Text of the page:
Press Release - World Wetlands Day, on the second day of February each year, marks the day the Ramsar Convention on Wetlands was signed in the Iranian city of Ramsar in 1971.

This annual event provides us with an opportunity to raise and strengthen awareness of the importance of wetlands throughout the world and in our region. Furthermore, with the International Year of Biodiversity kicking off across the world, including here in our Pacific islands, we are reminded yet again of the wondrous natural systems that combine to make life on our planet possible.

The 2nd of February, however, should have special significance for any one of us who has ever swam in a river, paddled a canoe through some mangroves, collected crabs or shellfish from mudflats, dived or snorkeled over a brightly coloured coral reef, or simply marveled at the beauty of a reef heron awaiting the arrival of its next meal. In fact, for all of us who call the Pacific islands our home, the 2nd of February is a time to celebrate a very special part of our natural environment - the "wetlands".

Wetlands include our rivers, coral reefs, mangroves, mudflats, marshes and seagrass beds. In the Pacific islands, they provide for us tremendous economic and conservation benefits through fisheries production, flood control, shoreline stabilization, maintenance of coastal water quality and provision of recreational opportunities. Wetlands also house extensive biodiversity, ranging from algae and lichens to plants, insects, crustaceans, birds, fish and corals.

As we reflect on the immense economic, social and ecological value of our wetlands, we are also painfully aware of the rapid rate at which many of our wetlands are being degraded and disappearing. Wetlands are often wrongfully thought of as wastelands and are subject to land reclamation projects where they are filled in to provide more building space. In other areas, they are used as waste dumping grounds resulting in toxic and harmful substances entering the waterways and ocean. Furthermore, wetlands tend to be over-used through excessive withdrawals of water or through the removal of key species from the area.

Losing our wetlands means losing the valuable services they provide and this almost always impacts negatively on humans. Tourism, food security and coastal protection are often the most obvious losers when wetlands die. In small islands, the poorest people, often live very near to and depend directly on wetland ecosystems for their livelihood. They are also the least able to cope with the impacts of wetland loss.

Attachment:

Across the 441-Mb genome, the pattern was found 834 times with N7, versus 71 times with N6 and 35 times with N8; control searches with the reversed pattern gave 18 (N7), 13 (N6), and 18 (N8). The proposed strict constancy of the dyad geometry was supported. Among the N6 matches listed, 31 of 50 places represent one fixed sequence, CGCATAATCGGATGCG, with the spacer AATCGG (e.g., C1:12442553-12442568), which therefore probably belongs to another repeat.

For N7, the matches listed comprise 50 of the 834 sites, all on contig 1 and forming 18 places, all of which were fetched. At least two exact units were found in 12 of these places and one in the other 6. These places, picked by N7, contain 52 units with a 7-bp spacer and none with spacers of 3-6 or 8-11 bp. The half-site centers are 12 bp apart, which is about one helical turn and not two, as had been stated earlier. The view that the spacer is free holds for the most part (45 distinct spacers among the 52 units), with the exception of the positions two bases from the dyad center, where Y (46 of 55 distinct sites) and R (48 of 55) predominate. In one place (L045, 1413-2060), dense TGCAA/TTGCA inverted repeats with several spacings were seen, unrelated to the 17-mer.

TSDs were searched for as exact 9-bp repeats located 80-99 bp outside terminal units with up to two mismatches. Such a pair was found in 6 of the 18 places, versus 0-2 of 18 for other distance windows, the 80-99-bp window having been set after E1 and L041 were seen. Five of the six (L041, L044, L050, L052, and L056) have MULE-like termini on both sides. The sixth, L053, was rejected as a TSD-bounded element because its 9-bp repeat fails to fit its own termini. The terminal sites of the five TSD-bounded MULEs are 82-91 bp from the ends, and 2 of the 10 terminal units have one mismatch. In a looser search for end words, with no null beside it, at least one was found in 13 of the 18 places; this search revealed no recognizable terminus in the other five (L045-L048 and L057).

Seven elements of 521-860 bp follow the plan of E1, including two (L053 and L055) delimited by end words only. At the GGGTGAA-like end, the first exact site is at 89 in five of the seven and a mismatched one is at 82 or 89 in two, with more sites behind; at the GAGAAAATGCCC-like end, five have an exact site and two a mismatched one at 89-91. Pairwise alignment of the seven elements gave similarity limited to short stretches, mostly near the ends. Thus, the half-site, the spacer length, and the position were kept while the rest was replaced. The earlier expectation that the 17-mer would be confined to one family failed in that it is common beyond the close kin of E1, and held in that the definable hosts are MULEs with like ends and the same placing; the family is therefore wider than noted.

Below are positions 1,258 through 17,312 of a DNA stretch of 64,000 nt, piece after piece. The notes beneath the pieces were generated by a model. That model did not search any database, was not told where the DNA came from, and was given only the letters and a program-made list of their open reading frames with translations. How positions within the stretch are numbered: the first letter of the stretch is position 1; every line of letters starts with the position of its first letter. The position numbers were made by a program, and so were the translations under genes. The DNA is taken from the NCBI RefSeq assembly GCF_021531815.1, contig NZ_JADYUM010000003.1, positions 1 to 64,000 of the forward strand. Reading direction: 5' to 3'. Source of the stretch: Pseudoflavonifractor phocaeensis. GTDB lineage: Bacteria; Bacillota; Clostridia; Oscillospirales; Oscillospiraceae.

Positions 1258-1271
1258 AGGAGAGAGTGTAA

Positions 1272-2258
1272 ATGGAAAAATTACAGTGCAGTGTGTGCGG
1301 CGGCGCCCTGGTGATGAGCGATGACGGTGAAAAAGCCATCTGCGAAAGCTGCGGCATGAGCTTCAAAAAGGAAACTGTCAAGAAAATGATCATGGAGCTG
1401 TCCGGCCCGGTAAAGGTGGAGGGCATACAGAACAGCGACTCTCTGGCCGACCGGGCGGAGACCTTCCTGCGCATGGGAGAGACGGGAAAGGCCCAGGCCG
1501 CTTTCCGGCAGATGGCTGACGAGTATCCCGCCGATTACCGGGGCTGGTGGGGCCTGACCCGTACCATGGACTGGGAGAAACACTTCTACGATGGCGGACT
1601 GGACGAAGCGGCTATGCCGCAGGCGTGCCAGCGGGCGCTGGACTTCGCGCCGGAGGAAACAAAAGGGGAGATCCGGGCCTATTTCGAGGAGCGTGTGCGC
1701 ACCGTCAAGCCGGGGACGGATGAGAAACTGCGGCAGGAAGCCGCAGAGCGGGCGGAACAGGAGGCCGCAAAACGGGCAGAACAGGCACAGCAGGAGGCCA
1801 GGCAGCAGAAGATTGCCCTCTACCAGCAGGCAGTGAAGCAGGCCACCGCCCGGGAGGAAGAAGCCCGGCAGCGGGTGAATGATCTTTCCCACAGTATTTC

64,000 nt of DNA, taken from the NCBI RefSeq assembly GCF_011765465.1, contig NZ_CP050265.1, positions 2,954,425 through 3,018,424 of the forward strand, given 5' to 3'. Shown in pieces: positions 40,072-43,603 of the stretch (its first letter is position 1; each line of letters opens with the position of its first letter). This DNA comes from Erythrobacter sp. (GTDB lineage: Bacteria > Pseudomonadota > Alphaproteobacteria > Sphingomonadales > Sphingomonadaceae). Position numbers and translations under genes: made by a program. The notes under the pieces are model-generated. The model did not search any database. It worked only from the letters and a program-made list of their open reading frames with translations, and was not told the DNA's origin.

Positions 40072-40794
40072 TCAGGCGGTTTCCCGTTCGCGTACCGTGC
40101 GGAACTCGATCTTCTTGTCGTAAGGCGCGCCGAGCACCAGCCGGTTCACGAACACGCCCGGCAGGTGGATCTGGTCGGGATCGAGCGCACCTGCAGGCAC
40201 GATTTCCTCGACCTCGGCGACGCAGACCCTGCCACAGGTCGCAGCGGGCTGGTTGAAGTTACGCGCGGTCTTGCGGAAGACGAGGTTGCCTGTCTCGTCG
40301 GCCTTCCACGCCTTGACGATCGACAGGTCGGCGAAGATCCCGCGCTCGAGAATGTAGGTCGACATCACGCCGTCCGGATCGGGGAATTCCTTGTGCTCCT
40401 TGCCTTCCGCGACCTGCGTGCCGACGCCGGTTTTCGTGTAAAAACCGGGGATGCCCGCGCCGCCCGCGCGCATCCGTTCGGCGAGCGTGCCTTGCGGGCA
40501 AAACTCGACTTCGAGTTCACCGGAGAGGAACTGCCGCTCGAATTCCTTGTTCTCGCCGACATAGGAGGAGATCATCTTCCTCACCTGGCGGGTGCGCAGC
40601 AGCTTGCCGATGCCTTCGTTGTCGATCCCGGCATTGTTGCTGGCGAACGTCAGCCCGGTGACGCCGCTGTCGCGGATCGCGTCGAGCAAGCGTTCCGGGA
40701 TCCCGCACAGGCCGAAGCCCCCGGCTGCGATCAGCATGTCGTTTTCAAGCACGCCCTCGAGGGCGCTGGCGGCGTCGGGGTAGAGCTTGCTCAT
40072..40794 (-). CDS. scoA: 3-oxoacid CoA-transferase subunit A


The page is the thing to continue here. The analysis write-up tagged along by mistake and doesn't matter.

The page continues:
Climate change adds another dimension to the continuing destruction of our wetlands but it brings a greater imperative for their preservation. Across the Pacific, there is growing evidence that climate change is resulting in more frequent cyclones and storm surges, coastal erosion, loss of fish breeding grounds and reduced water quality on many small islands.

However, it is also becoming clear that better management and protection of our wetland ecosystems could help islands build resilience and adapt better to the impacts of our changing climate. Strong mangrove areas, for example, act as highly effective buffers against storm surges and cyclonic waves; healthy coral reefs and seagrass beds provide breeding grounds for fish, thus strengthening food security of coastal dwelling populations; healthy and strong coral reefs are also the first line of defense against storm surges and waves associated with the changing climate. The interaction between healthy coral reefs and healthy mangroves can therefore not be discounted as a major defensive asset of our islands, and one that we need to protect.

This year's theme for World Wetlands Day is "Caring for Wetlands - An answer to climate change". For the Secretariat of the Pacific Regional Environment Programme (SPREP), this could not be more appropriate. Protecting and conserving the diversity of life, including conserving our valuable wetlands and adapting to and building resilience to climate change impacts are inextricably interlinked. SPREP recognises that we cannot realistically address one without the other and, more importantly, that human activity is as much to blame as climate change for the continuing destruction of our natural ecosystems.

This year, the International Year of Biodiversity, presents us with an opportunity to take stock of our ongoing contribution to nature conservation and work towards building island resilience to the ever-increasing impacts of climate change. It may seem all too simple, but if we strengthen our commitment to conserving mangroves, coral reefs and seagrass beds; improving waste management and preventing marine pollution; and to reducing our consumption of fossil fuels, we have hope that we can save our wetlands and possibly set our islands in good stead to withstand the impacts of climate change.

This World Wetlands Day, I challenge every person living in our islands, no matter who you are or what you do, to step up and make one change in your life for the well-being of the unique water-based environments in which we live.